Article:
The fact that the Economist Intelligence Unit (EIU) underscores that the United States is a “flawed democracy” and far behind its northern neighbor Canada — a “full democracy” — in its new annual Democracy Index should escape nobody’s attention.
It is a sad testimony to the parlous state of democracy in today’s world — and the true legacy of Donald Trump’s stint in the White House.
2020 was a terrible year
Beyond the United States, 2020 was terrible for democracy across the globe. Many governments dispensed with parliamentary oversight and checks and balances, canceled or postponed elections, prohibited public protests, curtailed freedom of expression and perpetrated healthcare fraud and corruption.
The overall state of global democracy took a dive in part because democracy in Hong Kong got hammered by China.
It suffered badly in Mali, leading to a military coup — due in part to terrorist insurgents — and, on a regional basis, trends across the Middle East and North Africa — as well as Latin America — were depressing.
According to the EIU, the list “may sound dystopian, yet this was the experience of most people in 2020.” I believe 2021 may be worse.
For some years, the EIU’s survey has been painting a picture of democracy in retreat. Now, in part due to the COVID 19 pandemic, authoritarianism is gaining.
The depressing finding is reinforced by the newly published Corruption Transparency Index (CPI), issued annually by Transparency International (TI). It shows that government corruption is perceived to be high in more than two-thirds of the 180 countries surveyed.
The big hope for 2021 is that leading Western industrial countries will overcome the pandemic, with at least a great majority of their populations vaccinated, and that this may set off a boom start in their economies.
The global impact of such a development, so the hope goes, would lift all boats and pull the poorest countries out of the rough seas that engulf them.
Poor governance stands in the way
And yet, the continuing reality of poor governance including corruption — along with increasing authoritarianism — may counter the positive impact of a revival of Western economies.
The critical issue, as I have warned before, is that many of these countries are over-burdened with debt.
On the domestic front, some of these countries are just broke — mainly thanks to pervasive corruption. Lebanon is one current example, South Africa is another.
In January, amid calls for far greater spending to counter the pandemic, South Africa’s President Cyril Ramaphosa confessed: “We do not have the money . . . that’s the simple truth.”
Domestic debt crises are compounded by the rising challenge that many countries have in servicing their foreign debts. A decade ago, many developing countries were encouraged by private investment managers to use the private markets to borrow — and they did.
Meanwhile, approximately 85% of all foreign debt held by 120 middle- and low-income countries today is on non-concessional terms. It is owed to hedge funds, pension funds and other private investors.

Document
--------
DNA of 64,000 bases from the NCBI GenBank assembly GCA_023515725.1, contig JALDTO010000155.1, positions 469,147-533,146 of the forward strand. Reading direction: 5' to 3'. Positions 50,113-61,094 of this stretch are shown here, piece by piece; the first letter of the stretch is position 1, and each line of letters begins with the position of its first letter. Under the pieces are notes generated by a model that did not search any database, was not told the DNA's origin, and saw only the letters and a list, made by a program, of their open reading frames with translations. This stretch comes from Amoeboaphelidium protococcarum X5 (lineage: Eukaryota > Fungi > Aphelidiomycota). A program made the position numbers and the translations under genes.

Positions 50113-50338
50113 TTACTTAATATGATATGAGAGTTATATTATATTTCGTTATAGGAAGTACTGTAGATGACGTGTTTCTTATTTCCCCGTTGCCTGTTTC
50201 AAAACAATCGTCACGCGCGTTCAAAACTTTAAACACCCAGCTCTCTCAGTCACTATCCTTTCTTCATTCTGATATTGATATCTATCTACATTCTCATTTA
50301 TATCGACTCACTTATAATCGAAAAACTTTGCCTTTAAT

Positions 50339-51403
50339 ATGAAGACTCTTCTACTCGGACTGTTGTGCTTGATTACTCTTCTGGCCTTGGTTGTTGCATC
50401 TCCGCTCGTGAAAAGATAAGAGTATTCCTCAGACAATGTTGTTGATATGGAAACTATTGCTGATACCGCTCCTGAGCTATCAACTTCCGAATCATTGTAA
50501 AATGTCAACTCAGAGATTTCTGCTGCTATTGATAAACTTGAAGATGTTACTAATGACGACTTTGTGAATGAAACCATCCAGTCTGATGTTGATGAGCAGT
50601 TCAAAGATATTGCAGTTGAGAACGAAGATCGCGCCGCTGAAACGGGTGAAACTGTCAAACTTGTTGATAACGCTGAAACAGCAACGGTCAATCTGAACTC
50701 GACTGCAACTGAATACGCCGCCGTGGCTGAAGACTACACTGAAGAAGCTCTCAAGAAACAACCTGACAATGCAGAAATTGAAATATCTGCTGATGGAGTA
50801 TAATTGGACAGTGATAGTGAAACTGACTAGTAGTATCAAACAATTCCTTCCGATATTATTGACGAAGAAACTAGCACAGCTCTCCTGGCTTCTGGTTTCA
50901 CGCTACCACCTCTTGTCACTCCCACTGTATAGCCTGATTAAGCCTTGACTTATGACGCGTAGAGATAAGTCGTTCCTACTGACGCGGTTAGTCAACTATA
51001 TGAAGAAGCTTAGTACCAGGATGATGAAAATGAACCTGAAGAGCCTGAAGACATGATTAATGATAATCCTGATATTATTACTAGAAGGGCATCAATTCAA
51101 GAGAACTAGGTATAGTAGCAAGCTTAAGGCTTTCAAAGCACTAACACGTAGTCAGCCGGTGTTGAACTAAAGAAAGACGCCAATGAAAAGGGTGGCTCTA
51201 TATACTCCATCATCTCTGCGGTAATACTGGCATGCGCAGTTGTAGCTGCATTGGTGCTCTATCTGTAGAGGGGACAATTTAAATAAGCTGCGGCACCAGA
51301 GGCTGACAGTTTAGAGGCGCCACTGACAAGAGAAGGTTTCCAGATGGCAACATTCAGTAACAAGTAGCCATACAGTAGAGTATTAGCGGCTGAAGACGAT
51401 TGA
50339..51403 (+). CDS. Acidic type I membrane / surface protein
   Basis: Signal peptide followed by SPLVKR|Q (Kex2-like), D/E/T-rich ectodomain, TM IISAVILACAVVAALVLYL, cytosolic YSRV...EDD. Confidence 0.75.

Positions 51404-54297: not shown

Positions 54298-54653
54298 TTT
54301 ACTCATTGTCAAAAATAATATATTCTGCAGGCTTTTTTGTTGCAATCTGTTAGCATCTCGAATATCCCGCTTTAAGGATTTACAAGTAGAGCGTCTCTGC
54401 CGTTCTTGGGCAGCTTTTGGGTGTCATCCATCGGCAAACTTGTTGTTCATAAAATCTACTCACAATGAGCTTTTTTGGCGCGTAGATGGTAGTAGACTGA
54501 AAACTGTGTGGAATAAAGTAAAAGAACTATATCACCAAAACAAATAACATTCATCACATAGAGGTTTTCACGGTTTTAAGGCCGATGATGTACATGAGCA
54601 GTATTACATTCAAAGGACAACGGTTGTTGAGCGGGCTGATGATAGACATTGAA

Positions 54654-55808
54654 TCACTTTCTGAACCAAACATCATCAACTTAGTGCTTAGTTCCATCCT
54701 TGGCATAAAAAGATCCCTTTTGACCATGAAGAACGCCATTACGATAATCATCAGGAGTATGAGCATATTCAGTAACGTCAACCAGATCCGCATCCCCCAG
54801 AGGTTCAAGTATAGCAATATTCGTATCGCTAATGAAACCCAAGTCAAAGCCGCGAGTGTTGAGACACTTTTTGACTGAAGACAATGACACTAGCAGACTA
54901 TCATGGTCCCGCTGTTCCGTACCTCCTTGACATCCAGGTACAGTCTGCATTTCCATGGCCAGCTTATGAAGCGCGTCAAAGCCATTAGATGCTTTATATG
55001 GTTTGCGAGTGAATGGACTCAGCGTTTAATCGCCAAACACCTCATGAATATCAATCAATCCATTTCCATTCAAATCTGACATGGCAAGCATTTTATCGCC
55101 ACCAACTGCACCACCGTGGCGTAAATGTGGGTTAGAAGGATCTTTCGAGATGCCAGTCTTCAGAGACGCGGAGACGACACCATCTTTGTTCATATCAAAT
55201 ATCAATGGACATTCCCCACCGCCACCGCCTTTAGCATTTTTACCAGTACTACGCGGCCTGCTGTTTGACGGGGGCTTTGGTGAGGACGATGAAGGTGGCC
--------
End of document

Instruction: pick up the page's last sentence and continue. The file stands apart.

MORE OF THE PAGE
A new report by World Bank economists Peter Nagle and Naotaka Sugawara concludes: “More debt defaults and debt distress are possible.”
I think that is an understatement — more countries will default. Their debts are unsustainable. They will follow Lebanon, Argentina, Zambia and others into debt restructuring negotiations with their private creditors.
The two economists provide a new chart that shows that more than 40% of the countries are now viewed as being in the “high risk” category.
The prospect of the world’s worst sovereign debt crisis is leading G7 finance ministers to start developing plans for a large boost to the resources of the International Monetary Fund (IMF). The Biden administration, unlike the Trump team, supports this.
The plans, likely to be finalized by the summer, may see the IMF striving to bail out many of the debt-distressed countries and help them to restructure their private debts, but this just adds debt upon debt while aiding the private creditors.
The solution, which may also include further postponement by official creditors of debt repayments to them from the poorest nations, may stave off a global financial crisis.
But it will do very little for the poorest people in the debt-defaulting, high-risk, non-democratic countries.
Equally bad, such solutions do nothing to counter the grand corruption that pervades so many countries and that is adding gravely today to poverty — while sustaining the decline of democracy across the world.
One piece of good news: The EIU reported that improvements in transparency in government and elections in Albania enabled this country to move up in 2020 from a “hybrid” country close to authoritarianism to the “flawed democracy” group — thus joining the United States.
According to the Corruption Transparency Index, government corruption is perceived to be high in more than two-thirds of the 180 countries surveyed.
That the Economist Intelligence Unit (EIU) has demoted the US from “full democracy” to “flawed democracy” should escape nobody’s attention.
Beyond the US, 2020 was a terrible year for democracy across the globe.
Approximately 85% of all foreign debt held by 120 middle and low-income countries is on non-concessional terms.
The big hope for 2021 is that leading Western industrial countries will overcome the pandemic and that this may set off a boom start in their economies.